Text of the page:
People like this go into what I call ‘limpet mode’ – they sucker themselves to anyone who shows a glimmer of interest and bombard them with messages. It scares the person off.
You have to find a way of accepting yourself, of loving your own strengths and weaknesses.
Part of this is having a positive outlook and enough self-awareness to be good company. Don’t point out you’re having a bad hair day or detail every woe.
Think of a few fun, upbeat topics of conversation. That said, if what you project is not the real you, you’re wasting your time.
Has this tech team cracked dating for over-50s?
The over-50s have been neglected by dating sites for years, says expert Charly Lester.
‘So many friends have approached me over the past six years and said: ‘My parents have just got divorced. ‘What dating site would you recommend for my mum?’ And I just didn’t have an answer for them. ‘I’d explain I’d spoken to women in their 50s and 60s and that, honestly, I didn’t have a site or an app I could recommend because their experiences had been quite miserable.’
It was, she explains, that old problem of men wanting to date younger women, while women tended to prefer men of their own age.
Many women in their 50s would sign up excitedly to a dating site only to be ignored. So, given 7.5 million over 50s in Britain are single, divorced or widowed, Charly decided to invent the first over50s app, designed to use on your smartphone.
Launched last September, Lumen hit the headlines almost immediately – but not necessarily for the right reasons.
You may have seen their Sexy Santa ad campaign just before Christmas where a fit, silver-haired guy was pictured shirtless, holding a plate of mince pies (‘Pull A Cracker This Christmas’).
It caused a storm, with accusations of objectifying men. The ad was banned by Transport For London.
Charly is unrepentant. They used a photo of a real-life model, Paul Orchard (age 58), to show mature daters can be sexy and have a sense of fun. ‘That shouldn’t be news to anyone – yet the fact that it became a national news story shows it is.’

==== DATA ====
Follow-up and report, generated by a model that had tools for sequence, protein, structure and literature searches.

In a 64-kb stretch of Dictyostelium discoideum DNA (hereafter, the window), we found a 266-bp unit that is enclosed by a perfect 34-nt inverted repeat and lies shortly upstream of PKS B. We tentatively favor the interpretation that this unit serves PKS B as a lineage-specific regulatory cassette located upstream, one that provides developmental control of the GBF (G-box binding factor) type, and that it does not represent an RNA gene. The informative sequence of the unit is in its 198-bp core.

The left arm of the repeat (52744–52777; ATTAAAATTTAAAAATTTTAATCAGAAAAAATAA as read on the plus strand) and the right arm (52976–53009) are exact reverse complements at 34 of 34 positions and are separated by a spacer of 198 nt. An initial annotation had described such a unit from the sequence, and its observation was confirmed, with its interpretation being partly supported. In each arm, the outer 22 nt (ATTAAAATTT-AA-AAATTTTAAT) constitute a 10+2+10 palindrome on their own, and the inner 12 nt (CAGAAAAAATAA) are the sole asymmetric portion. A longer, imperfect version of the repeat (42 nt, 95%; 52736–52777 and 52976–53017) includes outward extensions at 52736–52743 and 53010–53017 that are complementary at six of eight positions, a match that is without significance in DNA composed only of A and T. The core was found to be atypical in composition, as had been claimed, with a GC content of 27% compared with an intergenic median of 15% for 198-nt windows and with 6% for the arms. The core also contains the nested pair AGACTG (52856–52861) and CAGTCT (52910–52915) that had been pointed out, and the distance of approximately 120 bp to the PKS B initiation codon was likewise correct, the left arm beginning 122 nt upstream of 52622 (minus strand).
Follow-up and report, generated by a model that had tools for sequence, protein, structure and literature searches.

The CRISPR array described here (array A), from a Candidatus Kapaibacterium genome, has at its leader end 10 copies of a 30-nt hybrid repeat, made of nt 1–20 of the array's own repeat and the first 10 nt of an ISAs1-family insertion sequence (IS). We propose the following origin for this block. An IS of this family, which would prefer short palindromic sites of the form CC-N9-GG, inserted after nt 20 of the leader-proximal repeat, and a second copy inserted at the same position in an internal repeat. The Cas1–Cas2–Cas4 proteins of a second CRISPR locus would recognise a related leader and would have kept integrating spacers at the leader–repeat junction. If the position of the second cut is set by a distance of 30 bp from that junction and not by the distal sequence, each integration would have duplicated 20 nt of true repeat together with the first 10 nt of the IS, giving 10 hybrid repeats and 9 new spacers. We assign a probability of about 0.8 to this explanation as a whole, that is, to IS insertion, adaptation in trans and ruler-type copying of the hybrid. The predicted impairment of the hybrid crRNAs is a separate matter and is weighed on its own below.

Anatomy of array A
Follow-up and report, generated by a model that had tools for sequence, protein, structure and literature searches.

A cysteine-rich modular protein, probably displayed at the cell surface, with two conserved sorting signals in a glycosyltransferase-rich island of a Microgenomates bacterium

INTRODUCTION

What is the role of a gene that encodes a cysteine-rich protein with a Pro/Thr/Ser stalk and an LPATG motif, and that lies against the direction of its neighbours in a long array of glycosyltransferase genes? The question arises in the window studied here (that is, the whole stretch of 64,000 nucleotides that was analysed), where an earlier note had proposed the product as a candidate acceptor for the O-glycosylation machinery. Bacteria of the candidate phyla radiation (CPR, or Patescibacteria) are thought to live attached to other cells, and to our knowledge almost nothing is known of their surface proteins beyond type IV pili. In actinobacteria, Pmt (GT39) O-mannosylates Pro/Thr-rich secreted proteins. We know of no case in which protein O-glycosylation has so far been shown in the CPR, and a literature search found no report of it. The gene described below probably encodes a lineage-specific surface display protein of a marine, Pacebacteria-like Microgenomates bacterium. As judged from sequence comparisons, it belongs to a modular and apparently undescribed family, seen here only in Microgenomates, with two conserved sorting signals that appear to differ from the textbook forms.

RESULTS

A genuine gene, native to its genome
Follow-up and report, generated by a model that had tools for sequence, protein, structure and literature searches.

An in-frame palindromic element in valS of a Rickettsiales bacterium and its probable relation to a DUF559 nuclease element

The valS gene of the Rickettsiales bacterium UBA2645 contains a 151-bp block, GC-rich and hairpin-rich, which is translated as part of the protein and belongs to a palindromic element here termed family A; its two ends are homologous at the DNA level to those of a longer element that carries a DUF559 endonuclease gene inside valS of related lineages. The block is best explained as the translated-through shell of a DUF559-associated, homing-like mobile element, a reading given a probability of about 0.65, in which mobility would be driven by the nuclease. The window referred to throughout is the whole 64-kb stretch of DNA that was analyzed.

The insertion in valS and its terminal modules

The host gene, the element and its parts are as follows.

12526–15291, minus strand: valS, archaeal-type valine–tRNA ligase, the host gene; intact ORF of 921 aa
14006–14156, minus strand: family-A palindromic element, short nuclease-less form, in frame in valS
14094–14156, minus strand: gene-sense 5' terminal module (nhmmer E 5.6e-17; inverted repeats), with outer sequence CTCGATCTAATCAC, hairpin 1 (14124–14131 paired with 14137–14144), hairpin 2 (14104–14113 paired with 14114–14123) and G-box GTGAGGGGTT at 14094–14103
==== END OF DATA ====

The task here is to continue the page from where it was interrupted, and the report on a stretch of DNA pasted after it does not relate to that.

Then, last week, Lumen revealed its most successful fifty-something users – all of whom looked eminently datable – causing another media storm.
The result is that Lumen is not only one of the most talked about dating apps, but more than 250,000 singles have signed up, making it the most popular app for over-50s in the UK.
Ironically, it took two tech-savvy thirtysomethings to come up with the idea. Do they really know what it’s like to be single after divorce or bereavement? Or the horror of being the only fifty-something woman on a singles holiday?
Perhaps not, but both do have experience of online dating.
Despite her youthful appearance, Charly, 35, has been a dating consultant for six years. She used to be an agony aunt for website eharmony and is the creator of The Dating Awards, the Oscars for the online dating industry. Currently single, she uses dating apps.
Her business partner Antoine Argouges, 30, previously at dating apps Badoo and Bumble, met his wife on a French dating app.
‘I enjoy making products that change people’s lives as much as one changed mine,’ he says.
Charly says this sets them apart. ‘We know the pitfalls, we know the frustrations. So we’ve tried to work functionality into the app.’
Which means making it as easy as possible to meet genuine, likeminded singles in a safe space.
In fact, over-50s have been a forgotten generation in tech. Until recently you couldn’t even create a Tinder account if you were over 50.
And even now you get lumped into the 55+ category (with no chance to show your individual age).
Most dating services aimed at fifty-somethings started as websites used on a home computer (eharmony, Our Time, Plenty of Fish) or matchmaking agencies.
The feeling was that ‘mature daters’ like me wouldn’t find apps easy to navigate. But now 73 per cent of those aged 50 to 59 own a smartphone, Charly thinks we’re ready to embrace the technology.
(Story source: Daily Mail)